Posts Tagged 'Tourist'

Empire State Pigeon

Just got back from a week in New York City and, after staying awake for 37 hours, have been saved from the effects of jetlag by a terrific headcold. Nice.

Luckily, I only started feeling unwell on our very last day in Manhattan, while wandering around 42nd street and 5th avenue, looking to photograph typical street scenes, and avoiding diamond shops.

It was cold, damn cold. But after a snowfall on our second day, we actually had very bright, sunny weather, which is good for seeing New York, as most of it is UP.

There is no further ‘up’ these days than the Empire State Building, which is an obligatory stop for us tourists. And it’s even colder on the 86th floor, particularly as you walk around to the North side where the sun don’t shine.

The building is so high, I was somehow surprised to see birds on the ledges getting in the way of our photographs. The funny thing was that despite the generally poor attitude we humans have towards pigeons when they’re scavenging on the ‘sidewalk’, nobody was shooing them away at 1000ft above street level – like they might get hurt or something.

The building just behind this chap’s head is the UN building.

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It Shouldn’t Happen to a (Wedding) Photographer…

…But it does. That’s why lots of highly successful photographers run screaming from the thought of shooting weddings, and why it’s a job that will always be underestimated. Dealing with people is an obvious skill when you decide to get into this particular photographic niche, but it’s not always the wedding guests we’re talking about. Last month, I shot a wedding at the church in Bowness right at the bottom of the hill and main shopping street. Weddings usually attract attention from tourists and this was no exception. I felt like a paparazzi as I framed a shot of the bride and her father entering the church doorway as the service was about to begin. Hundreds of people were watching behind me over the churchyard wall.

What I couldn’t see through my camera was that a ‘man of a certain age’ was about to walk straight across the back of the bride’s dress without a thought to anything but his own curiosity, but it wasn’t over yet. As I stood up I banged into two Japanese tourists who’d decided it was a good idea to lean over the squatting wedding photographer and get their own pictures.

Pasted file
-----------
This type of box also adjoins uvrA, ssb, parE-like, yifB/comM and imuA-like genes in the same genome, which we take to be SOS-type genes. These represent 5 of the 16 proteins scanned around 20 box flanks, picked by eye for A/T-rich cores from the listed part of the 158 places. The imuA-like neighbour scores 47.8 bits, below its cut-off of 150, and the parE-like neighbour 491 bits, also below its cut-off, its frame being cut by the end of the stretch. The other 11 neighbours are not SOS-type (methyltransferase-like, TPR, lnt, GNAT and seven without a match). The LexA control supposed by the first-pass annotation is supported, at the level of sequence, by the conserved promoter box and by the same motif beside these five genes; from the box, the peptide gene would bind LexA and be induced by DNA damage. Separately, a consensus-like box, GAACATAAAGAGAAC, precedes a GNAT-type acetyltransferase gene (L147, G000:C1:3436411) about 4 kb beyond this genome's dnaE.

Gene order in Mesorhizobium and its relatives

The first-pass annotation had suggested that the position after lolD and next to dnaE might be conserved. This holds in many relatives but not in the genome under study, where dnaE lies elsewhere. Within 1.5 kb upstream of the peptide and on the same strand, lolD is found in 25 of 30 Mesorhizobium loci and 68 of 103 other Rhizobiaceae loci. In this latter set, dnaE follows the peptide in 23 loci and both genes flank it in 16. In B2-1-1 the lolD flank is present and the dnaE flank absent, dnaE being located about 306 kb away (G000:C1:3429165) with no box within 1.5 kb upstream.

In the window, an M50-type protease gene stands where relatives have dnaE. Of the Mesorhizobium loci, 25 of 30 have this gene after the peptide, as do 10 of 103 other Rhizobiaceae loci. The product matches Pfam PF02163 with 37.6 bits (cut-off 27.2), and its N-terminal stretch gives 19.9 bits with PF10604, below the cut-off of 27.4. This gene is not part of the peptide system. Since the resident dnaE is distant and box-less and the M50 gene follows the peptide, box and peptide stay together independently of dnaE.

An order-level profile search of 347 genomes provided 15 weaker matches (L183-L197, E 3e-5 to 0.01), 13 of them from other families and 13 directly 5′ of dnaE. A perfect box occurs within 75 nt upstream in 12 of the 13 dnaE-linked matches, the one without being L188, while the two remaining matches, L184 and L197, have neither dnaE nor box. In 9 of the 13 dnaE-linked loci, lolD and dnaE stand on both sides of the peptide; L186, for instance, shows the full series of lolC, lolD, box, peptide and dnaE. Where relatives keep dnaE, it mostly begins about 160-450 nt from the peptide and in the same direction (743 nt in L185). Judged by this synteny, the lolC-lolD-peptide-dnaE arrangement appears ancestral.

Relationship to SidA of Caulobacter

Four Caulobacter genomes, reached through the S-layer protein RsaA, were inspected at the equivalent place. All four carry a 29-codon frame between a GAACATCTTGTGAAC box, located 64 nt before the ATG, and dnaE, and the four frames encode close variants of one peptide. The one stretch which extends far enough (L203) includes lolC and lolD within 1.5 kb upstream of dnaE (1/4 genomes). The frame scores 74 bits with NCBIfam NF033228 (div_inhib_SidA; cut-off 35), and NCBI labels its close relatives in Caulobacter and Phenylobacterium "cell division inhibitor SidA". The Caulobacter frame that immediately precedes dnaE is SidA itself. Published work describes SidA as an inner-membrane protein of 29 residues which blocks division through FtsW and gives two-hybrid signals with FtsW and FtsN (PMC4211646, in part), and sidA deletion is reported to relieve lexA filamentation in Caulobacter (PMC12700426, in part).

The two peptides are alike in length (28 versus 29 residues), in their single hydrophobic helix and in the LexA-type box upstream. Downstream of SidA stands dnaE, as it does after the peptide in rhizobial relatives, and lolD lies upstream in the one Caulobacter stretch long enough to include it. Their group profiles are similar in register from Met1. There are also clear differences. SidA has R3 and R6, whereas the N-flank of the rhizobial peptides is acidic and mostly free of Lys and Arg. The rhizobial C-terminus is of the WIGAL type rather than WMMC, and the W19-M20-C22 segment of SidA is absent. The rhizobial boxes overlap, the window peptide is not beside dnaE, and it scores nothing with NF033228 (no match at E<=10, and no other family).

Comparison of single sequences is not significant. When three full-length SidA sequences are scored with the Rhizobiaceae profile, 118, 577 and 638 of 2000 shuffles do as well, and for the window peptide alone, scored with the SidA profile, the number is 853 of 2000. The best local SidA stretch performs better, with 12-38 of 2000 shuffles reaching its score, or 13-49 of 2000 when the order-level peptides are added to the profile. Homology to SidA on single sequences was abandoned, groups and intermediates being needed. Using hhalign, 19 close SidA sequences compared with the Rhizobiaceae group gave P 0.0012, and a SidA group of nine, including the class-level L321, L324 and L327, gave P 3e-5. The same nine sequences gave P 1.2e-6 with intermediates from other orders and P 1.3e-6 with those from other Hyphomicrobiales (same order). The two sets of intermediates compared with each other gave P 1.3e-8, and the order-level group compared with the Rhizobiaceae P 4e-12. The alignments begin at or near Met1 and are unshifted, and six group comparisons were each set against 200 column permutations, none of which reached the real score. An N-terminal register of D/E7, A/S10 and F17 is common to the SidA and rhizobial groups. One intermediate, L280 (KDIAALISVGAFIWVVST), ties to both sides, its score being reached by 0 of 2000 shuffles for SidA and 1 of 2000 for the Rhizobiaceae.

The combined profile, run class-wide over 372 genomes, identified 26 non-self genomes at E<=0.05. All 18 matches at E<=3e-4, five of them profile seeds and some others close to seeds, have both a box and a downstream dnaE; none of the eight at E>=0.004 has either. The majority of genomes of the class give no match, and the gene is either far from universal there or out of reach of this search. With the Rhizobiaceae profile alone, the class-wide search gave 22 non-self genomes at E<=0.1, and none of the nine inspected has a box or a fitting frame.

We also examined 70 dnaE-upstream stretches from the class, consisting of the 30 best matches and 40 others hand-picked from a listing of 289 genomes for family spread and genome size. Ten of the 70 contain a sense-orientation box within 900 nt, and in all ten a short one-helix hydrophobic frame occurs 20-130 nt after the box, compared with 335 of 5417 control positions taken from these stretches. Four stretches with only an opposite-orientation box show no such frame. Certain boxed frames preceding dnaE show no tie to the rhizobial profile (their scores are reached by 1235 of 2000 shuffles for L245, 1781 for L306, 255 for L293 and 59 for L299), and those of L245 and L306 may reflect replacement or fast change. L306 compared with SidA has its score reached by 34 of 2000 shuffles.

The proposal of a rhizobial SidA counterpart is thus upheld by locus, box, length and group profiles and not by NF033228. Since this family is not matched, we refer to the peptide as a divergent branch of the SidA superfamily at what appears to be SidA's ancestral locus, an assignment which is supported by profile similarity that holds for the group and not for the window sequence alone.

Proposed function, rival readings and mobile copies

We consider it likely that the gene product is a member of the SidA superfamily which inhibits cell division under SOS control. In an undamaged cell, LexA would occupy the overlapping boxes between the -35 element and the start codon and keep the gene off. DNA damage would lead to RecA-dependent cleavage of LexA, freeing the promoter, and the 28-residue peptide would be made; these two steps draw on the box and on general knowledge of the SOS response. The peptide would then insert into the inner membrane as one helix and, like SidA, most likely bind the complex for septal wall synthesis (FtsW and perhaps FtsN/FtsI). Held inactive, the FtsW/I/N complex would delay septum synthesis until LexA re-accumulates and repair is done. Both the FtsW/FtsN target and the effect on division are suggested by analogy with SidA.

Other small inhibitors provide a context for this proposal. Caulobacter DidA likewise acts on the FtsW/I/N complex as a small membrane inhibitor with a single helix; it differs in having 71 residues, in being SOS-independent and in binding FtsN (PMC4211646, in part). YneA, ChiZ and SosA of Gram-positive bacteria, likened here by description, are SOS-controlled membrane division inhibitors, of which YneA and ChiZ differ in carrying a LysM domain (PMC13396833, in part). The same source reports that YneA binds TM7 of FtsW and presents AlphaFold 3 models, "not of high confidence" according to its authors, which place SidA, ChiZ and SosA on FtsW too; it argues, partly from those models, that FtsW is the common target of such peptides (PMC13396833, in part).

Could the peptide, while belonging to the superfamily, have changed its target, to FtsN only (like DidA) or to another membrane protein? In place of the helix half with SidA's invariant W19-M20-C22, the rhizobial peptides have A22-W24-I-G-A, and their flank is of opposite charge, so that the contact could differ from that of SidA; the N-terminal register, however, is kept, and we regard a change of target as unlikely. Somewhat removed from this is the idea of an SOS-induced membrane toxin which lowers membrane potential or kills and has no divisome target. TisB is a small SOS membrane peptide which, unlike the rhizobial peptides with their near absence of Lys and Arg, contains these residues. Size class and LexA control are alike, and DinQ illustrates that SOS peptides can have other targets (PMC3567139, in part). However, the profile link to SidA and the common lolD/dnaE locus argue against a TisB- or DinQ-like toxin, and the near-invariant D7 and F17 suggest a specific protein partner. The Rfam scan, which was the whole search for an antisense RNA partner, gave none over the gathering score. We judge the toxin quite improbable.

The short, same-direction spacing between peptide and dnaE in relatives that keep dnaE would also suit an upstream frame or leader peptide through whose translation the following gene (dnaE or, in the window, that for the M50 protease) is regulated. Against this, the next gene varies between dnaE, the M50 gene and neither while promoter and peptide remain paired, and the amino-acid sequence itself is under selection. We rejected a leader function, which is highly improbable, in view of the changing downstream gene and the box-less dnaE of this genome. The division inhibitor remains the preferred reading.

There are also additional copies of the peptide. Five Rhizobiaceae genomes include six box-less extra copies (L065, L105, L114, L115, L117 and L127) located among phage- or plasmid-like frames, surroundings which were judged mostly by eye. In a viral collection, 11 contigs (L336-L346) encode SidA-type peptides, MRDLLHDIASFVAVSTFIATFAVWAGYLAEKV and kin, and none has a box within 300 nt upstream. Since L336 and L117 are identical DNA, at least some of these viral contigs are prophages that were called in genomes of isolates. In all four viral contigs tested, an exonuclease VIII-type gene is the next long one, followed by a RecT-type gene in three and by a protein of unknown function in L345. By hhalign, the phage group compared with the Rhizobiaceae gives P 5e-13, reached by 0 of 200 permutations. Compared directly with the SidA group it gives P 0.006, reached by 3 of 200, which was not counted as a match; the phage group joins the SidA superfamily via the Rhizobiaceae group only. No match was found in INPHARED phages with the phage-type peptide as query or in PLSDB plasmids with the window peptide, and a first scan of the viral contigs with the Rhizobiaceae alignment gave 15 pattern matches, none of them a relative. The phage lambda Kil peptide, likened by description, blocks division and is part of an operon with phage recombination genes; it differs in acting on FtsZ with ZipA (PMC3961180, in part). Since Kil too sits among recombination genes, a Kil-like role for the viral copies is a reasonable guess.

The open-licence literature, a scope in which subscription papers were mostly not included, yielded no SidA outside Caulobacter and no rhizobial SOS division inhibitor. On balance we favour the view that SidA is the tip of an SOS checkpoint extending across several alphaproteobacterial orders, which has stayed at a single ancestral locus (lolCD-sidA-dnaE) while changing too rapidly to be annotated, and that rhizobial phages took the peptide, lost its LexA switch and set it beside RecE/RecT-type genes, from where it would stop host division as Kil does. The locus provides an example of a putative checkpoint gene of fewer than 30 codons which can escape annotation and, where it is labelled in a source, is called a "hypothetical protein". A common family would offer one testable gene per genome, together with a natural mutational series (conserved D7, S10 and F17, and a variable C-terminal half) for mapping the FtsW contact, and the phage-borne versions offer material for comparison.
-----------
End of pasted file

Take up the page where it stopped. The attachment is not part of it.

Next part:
The service itself was a welcome relief (!) and a chance to get good photographs before the mayhem began outside again. After some time in the grounds, bride & groom jumped into their vintage Bentley while I jumped into my car and waited to follow them. As their car came past, I indicated and pulled out into a decent gap behind them , much to the annoyance of Joe Bloggs in his red sports car who obviously wasn’t used to people doing that. And then I got screamed at by a cyclist who took exception to me taking the photograph below from the driving seat of my car. I know it was naughty and that it’s a bit bigger than a mobile phone, but technically I still had my eyes on the road – and through a very expensive lens. And it was all happening at such eye-watering speeds that the irate cyclist was able to overtake both of us. Some people have no sense of fun!

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Swan Dive

If in future you ever read about the Birdman of Bowness, it might be me. Once I saw the swans down at the lake pinching peoples’ chips out of their wrappers, I thought, “these aren’t your average birds” and soon learned to feed them out of my hand. This of course, tends to impress the tourists – particularly those who have a natural wariness of a bird that has a scary reputation. Their bills are serated, so your fingers get ‘rubbed’ when they snatch a piece of bread from your hand, but it ain’t going to get bitten off.

Ugly Duckling   Why did the Swan Cross the Road

But even I was surprised last night when I came across a family outing. Mum, Dad and seven cygnets were wandering around the park, nibbling furiously at the grass. A regular seller in my studio is a small print of a cygnet, which I took with a zoom lens from about six feet away a few years ago. But on this occasion I was allowed to join their dinner. I put myself in their path, thinking they would give me a wide berth, or that I’d be shown the door by mum or dad. But they came right up to me, sat down and carried on feeding. The adults were watching me, but not threatening in any way. It was a real priviledge. So much so that I felt really protective when all nine decided to cross the road back down to the lake. I crossed with them and kept my eyes open for cars.

Back at the waters edge, they hung around while dad sorted out an agressive interloper and then just plopped back into the water.


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